Hallmarks of a Socially Responsible Corporation

Social investors expect a company to sell its product or service fairly and accurately, and they want the company to respect every person who gets that product to market, including vendors, customers, and employees.

Every day companies enter into relationships with others. A company must interact with the companies that supply it with inventory and other goods and services needed to make the business run; with its customers, who keep it in business; and with the regulators who ensure that the company follows applicable laws.

Companies can choose policies that are good for everyone involved, or they can choose policies that make the company better off while making everyone else worse off. If you care about how companies that you invest in do business, you need to pay attention to these areas. The following are characteristics of a socially responsible company:

  • They build good relationships with suppliers. Good supplier relationships tend to be collaborative, with the suppliers helping the customer and the customer paying the supplier for the value added. Some companies go so far as to draw up a code of conduct for prospective suppliers, setting out how they expect suppliers to behave when calling on them, and setting forth environmental, labor, quality, and financial standards that they expect their suppliers to meet. These standards may be backed up with a certification program or audits that the supplier must pass if it wants to keep the contract.

  • They promote good customer relations. Businesses have to have customers, regardless whether those customers are other businesses or private individuals. Any company in any industry will run into occasional problems, so investors shouldn’t view a problem as a sign that a company isn’t responsible. Instead, they should watch to see how the problem is handled and whether it was an unusual event or an indicator of loose tactics. A responsible company stands behind its products and addresses customer complaints promptly and politely.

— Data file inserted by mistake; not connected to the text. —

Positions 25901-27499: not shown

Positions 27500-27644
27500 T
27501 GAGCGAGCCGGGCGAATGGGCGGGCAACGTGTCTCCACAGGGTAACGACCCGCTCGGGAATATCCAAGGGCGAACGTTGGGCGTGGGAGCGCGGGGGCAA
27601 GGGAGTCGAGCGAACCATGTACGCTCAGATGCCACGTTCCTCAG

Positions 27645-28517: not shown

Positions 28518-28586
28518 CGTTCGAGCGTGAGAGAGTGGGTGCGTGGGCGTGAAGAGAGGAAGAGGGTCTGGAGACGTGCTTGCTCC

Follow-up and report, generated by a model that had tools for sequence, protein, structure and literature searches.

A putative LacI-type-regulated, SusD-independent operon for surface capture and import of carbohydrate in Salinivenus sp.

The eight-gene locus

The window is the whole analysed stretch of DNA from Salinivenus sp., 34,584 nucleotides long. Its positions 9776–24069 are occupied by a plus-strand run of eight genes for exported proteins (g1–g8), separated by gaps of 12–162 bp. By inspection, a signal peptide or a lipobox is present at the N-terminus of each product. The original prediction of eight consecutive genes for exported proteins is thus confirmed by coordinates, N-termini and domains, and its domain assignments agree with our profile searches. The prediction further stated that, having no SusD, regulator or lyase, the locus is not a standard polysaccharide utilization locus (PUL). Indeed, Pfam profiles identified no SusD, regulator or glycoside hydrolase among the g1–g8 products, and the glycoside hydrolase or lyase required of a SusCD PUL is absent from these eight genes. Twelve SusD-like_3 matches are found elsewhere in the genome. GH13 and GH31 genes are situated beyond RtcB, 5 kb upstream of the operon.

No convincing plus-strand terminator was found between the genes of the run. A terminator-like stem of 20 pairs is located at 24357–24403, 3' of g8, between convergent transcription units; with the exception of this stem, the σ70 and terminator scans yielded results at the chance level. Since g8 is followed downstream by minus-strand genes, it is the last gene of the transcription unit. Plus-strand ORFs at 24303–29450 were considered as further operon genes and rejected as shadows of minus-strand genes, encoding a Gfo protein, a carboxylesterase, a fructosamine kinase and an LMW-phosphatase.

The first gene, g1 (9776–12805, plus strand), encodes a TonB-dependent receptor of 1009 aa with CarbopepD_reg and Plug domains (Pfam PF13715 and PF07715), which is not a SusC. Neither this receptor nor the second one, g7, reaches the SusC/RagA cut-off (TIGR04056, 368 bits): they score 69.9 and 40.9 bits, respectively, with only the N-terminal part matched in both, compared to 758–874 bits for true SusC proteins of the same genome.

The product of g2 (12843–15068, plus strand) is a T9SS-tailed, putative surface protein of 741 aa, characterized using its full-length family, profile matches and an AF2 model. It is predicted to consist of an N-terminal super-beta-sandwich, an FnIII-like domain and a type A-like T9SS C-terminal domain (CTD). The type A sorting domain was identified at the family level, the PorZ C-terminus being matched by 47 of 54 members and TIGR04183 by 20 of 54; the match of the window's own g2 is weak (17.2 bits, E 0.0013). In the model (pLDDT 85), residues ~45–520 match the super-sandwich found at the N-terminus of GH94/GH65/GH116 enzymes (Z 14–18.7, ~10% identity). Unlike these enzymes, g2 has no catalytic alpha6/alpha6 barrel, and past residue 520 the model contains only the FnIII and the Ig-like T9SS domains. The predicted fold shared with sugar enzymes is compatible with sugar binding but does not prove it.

• They maintain government relations. Every business faces an army of regulators, whether local, state, or federal. There are taxes to pay, licenses to hold, and rules to follow covering everything from the sizes of entryways to the management of retirement plans.

    Like them or not (and most businesspeople don’t), regulations are a fact of doing business. The responsible way to approach government regulations is to follow them. The irresponsible way is to ignore regulations as long as possible and then try to bribe one’s way out of them or to take other approaches, with the goal being to avoid the regulations.

  • They treat employees well and create good working conditions. Factors that impact the quality of work environment include

    • Having policies in place to avoid discrimination and harassment and to address any complaints

    • Offering domestic partner benefits

    • Providing all employees with sick leave and access to health insurance and retirement plans, and other benefits like vacation leave, tuition reimbursement, child-care reimbursement, and extended family leave

    • Enabling employees to hold company stock, through programs like employee stock purchase plans, 401(k) plans, employee stock ownership plans, and more

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